The issue of the cartoons came at a critical time in the Muslim world because of Muslim anger over the occupation of Iraq and a sense that Muslims were under siege. Strong showings by Islamists in elections in Egypt and the victory of Hamas in the Palestinian elections had given new momentum to Islamic movements in the region, and many economies, especially those in the Persian Gulf, realized their economic power as it pertained to Denmark.
“The cartoons were a fuse that lit a bigger fire,” said Rami Khouri, editor at large at the English-language Daily Star of Beirut. “It is this deepening sense of vulnerability combined with a sense that the Islamists were on a roll that made it happen.”
Meanwhile, we in the West are debating free speech vs. censorship. Which is a worhty debate, but one that no doubt leaves Bush, the Saudis, and the Egyptians quite happy, since it takes the focus off the failed policies that have created in the Middle East a mass of alienated, frustrated people whose passions are so easy to manipulate all it takes is a cartoon.
Over at Slate, there is a very good piece by Reza Aslan that further explains how the freedom of speech debate misses the deeper point. It also looks at why these cartoons have pushed some Muslims’ buttons so hard.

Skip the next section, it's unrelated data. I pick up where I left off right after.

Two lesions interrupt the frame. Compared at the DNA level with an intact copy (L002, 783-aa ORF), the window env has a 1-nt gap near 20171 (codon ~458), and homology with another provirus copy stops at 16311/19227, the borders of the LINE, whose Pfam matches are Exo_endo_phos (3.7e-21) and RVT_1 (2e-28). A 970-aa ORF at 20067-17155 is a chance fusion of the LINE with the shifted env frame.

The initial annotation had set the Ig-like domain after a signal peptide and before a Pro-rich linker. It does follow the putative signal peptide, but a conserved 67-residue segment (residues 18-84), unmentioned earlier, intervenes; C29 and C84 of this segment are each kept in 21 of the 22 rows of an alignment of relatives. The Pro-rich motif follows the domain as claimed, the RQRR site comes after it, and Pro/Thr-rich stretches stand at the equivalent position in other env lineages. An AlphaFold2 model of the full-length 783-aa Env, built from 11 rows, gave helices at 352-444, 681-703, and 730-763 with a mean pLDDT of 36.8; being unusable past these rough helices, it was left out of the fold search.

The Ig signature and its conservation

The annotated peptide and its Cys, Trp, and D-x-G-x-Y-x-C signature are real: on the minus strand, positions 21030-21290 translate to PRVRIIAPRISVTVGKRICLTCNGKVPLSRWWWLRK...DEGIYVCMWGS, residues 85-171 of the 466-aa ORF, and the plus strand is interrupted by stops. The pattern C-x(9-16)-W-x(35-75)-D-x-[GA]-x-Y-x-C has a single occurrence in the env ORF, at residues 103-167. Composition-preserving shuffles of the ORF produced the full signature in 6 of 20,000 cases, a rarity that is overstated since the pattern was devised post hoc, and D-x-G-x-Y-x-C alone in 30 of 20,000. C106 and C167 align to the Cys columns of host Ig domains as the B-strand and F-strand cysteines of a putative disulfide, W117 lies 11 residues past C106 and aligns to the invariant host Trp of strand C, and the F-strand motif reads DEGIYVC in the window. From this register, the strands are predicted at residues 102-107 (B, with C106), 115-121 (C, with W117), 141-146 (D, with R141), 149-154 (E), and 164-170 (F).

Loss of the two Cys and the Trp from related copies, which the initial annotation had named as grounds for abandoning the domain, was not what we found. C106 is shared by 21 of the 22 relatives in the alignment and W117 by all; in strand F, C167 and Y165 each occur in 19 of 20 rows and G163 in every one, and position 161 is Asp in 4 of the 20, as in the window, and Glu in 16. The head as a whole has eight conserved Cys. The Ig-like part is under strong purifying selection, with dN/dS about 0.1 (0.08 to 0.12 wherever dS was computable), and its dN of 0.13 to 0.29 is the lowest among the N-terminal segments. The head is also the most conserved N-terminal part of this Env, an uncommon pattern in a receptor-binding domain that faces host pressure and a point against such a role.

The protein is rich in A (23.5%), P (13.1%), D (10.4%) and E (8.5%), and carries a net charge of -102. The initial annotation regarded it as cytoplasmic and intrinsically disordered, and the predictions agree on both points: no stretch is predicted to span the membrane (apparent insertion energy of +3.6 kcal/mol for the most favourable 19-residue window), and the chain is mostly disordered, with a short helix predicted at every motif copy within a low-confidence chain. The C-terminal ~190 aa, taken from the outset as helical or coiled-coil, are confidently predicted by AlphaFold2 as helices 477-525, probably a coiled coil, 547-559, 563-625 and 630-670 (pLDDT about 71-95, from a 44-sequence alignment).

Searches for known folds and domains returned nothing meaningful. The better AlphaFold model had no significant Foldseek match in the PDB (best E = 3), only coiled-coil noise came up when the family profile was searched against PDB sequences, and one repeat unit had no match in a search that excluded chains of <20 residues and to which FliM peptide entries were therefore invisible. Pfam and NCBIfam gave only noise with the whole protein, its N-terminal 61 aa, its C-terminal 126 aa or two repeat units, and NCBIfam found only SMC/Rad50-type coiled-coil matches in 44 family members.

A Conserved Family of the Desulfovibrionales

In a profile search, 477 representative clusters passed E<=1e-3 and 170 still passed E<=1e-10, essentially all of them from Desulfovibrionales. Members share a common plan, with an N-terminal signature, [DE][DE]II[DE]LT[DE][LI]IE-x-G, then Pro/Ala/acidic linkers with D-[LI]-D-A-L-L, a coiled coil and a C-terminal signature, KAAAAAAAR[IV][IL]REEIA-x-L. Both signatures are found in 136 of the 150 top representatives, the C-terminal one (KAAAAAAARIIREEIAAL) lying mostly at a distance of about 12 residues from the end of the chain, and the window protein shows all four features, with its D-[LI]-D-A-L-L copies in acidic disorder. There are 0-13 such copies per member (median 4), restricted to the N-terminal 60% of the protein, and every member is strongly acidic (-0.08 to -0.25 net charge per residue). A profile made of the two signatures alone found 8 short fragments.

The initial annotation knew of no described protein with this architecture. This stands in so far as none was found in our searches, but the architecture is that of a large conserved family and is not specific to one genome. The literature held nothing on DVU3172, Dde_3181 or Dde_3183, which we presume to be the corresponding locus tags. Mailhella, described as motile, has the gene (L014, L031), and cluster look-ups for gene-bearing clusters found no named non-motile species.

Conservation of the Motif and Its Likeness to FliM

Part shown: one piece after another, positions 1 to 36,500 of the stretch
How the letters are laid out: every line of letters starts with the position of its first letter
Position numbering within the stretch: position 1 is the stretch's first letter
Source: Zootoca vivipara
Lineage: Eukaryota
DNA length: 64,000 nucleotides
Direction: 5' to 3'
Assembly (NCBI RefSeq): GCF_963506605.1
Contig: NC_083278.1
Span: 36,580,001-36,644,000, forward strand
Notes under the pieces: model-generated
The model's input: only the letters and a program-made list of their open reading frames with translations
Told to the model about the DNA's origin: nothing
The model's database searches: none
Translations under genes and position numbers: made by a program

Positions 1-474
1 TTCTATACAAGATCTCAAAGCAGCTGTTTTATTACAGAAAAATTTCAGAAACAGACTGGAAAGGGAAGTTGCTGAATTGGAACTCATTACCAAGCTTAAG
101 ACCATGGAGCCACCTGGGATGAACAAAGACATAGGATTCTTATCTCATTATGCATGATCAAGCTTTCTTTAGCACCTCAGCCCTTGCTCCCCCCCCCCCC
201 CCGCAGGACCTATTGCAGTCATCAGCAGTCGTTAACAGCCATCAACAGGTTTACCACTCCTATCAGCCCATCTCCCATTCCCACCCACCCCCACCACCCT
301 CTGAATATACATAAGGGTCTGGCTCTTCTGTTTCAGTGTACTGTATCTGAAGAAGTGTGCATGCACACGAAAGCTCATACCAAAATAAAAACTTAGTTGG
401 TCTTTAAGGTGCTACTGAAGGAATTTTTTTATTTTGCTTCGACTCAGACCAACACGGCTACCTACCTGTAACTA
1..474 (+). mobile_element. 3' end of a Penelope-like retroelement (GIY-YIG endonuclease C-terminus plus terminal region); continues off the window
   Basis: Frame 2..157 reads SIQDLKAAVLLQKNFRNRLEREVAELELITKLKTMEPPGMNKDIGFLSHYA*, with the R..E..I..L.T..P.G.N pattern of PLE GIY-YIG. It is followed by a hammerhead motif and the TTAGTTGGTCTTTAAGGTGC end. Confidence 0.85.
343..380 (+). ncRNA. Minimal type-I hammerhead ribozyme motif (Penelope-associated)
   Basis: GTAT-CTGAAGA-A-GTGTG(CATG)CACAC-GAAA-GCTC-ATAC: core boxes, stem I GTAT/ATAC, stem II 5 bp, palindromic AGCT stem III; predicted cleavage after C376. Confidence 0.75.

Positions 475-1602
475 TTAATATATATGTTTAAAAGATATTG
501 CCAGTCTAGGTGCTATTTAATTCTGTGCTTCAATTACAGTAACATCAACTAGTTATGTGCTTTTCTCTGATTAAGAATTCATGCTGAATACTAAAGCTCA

The fact is that Muslim anger over the caricatures derives not merely from their depiction of Mohammed. That may have upset more conservative Muslims, but it alone would not have engendered such a violent and widespread response. Rather, most Muslims have objected so strongly because these cartoons promote stereotypes of Muslims that are prevalent throughout Europe: Mohammed dressed as a terrorist, his turban a bomb with a lit fuse; Mohammed standing menacingly in front of two cowering, veiled women, unsheathing a long, curved sword; Mohammed on a cloud in heaven complaining that Paradise has run out of virgins. It is difficult to see how these drawings could have any purpose other than to offend. One cartoon goes so far as to brazenly call the prophet “daft and dumb.”
So, while in Europe and the United States the row over the cartoons has been painted as a conflict between secular democratic freedoms and arcane religious dogma, the controversy is really about neither. Instead, it’s another manifestation of the ongoing ethnic and religious tensions that have been simmering beneath the surface of European society for decades, like last year’s Paris riots and the murder two years ago of Dutch filmmaker Theo van Gogh.